Diffusing crisis

     A fatal showdown between a mental patient and police left the Memphis (Tennessee) Police Department dealing with the aftermath of the patient's death, as well as increased public demand for a different approach. Unfortunately, the incident wasn't singular, either to the Memphis PD or law enforcement in general. Police regularly confront mental patients, and the results are often violent and tragic.

     A gunman who recently killed a Los Angeles SWAT officer had a history of mental illness.

     A mentally ill San Francisco man died during a confrontation with police.

     A bipolar Texas resident, armed with a knife, died after being shot by police answering the call.

     The death of North Carolina police officer Terry Lanier is typical of police fatalities resulting from encounters with deranged individuals. Lanier had a promising law enforcement career ahead of him when he was killed responding to the call of a mentally disturbed man carrying a butcher knife. With only his basic law enforcement training to guide him and no outside support, Lanier intended to talk the man into putting down his weapon. He made the fatal mistake of getting too close and instead of surrendering, the man turned and slashed the officer's throat. Sadly, the young officer bled to death before help arrived. His assailant was eventually deemed not fit to stand trial.

     It was a tragedy for everyone involved. Lanier's back-up, arriving a split-second too late to intercede, found himself forced to shoot the man (who survived), but he has since lived with the memory of seeing a friend and fellow officer lose his life.

Past and present problems

     Like the vast majority of officers, Lanier didn't want an out-of-control situation to escalate even further and become a shooting. He sought a peaceful resolution to the encounter and it didn't work. The few hours of specialty training he underwent while in the police academy didn't begin to cover the nuances of dealing with those who are mentally challenged. There were no mental health specialists involved in the incident. And even though Terry Lanier died nearly 30 years ago, many departments have done very little to change their approach to handling those who suffer from mental illness.

     And that's ironic because in today's world, police officers are even more likely to encounter the mentally ill than they were when Lanier died. There's a good reason for this: Reform of the country's mental health system has changed the way those with mental disorders are confined, housed and viewed in the context of the law. This has had strong and sometimes disastrous repercussions.

     The impetus for the change had good intentions. Alarmed at the state of mental facilities, which often kept patients in brutal, inhumane conditions, and concerned about the relative ease with which individuals were kept in confinement, well-intended advocates pushed to reform the system. As a result, warehousing the mentally ill became a thing of the past. Across the country, many mental institutions, especially long-term residential care facilities, closed.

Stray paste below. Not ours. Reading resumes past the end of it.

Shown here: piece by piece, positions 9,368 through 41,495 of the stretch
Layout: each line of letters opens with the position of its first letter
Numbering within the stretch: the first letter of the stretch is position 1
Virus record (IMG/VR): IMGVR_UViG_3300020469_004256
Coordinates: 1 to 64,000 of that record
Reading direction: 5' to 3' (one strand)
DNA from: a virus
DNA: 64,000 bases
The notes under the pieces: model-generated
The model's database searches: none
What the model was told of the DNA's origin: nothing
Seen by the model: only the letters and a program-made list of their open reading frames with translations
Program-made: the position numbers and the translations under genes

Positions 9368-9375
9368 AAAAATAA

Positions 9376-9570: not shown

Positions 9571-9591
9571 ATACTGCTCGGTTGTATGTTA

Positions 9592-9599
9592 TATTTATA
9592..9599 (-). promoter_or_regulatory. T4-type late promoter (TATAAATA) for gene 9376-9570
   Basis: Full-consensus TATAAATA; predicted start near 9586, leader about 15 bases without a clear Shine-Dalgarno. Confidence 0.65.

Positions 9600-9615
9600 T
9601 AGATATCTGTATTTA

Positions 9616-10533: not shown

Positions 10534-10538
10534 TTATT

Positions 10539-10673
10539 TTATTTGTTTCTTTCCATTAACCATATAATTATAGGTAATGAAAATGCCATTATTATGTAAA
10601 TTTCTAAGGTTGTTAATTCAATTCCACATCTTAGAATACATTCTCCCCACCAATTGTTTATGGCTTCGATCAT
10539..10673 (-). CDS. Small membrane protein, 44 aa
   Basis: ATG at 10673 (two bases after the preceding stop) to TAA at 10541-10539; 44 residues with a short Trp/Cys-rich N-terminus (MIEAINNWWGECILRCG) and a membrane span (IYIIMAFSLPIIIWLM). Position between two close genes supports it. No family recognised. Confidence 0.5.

The mentally ill were given a stronger voice in their treatment and the burden of proof in a commitment became more challenging. Today, it is much more difficult to simply commit someone and "throw away the key" than it was in the past. But in protecting the rights of the mentally disabled and breaking down the chain of sub-standard mental institutions, lawmakers inadvertently created a system that fails to protect patients who cannot make sound judgments on their own.

     As a result, these initiatives increased the numbers of homeless wandering the nation's streets. Police have known for years that many homeless suffer from mental problems, as well as substance abuse. They are mental patients with no place to go, and no one to help them get there. And families in many cases no longer have the legal authority to get their afflicted loved ones help without their cooperation.

     Also among the untended fallout from this legislation was the subsequent wide-spread criminalization of mental illness. Since commitment to a mental institution has become more difficult, law enforcement too often remains a last resort. Much too frequently, responding officers have little training beyond their academy days, leading to both public relations disasters and rapid escalation into new levels of violence.

     Families of the mentally ill are many times frustrated at the inefficiency of the system — and they are put off at what they perceive as an often heavy-handed approach. That makes many loathe to call police, even when problems escalate beyond control. Responding officers, on the other hand, often find themselves face-to-face with situations for which their training has not properly prepared them. Just as often they are faced with few options and little in the way of resources. As a result the margin for error is unacceptably great — too much force, and a family ends up grieving for a member whose real crime was an inability to think rationally; too little and responding officers put their own lives and the lives of others in the community in serious jeopardy.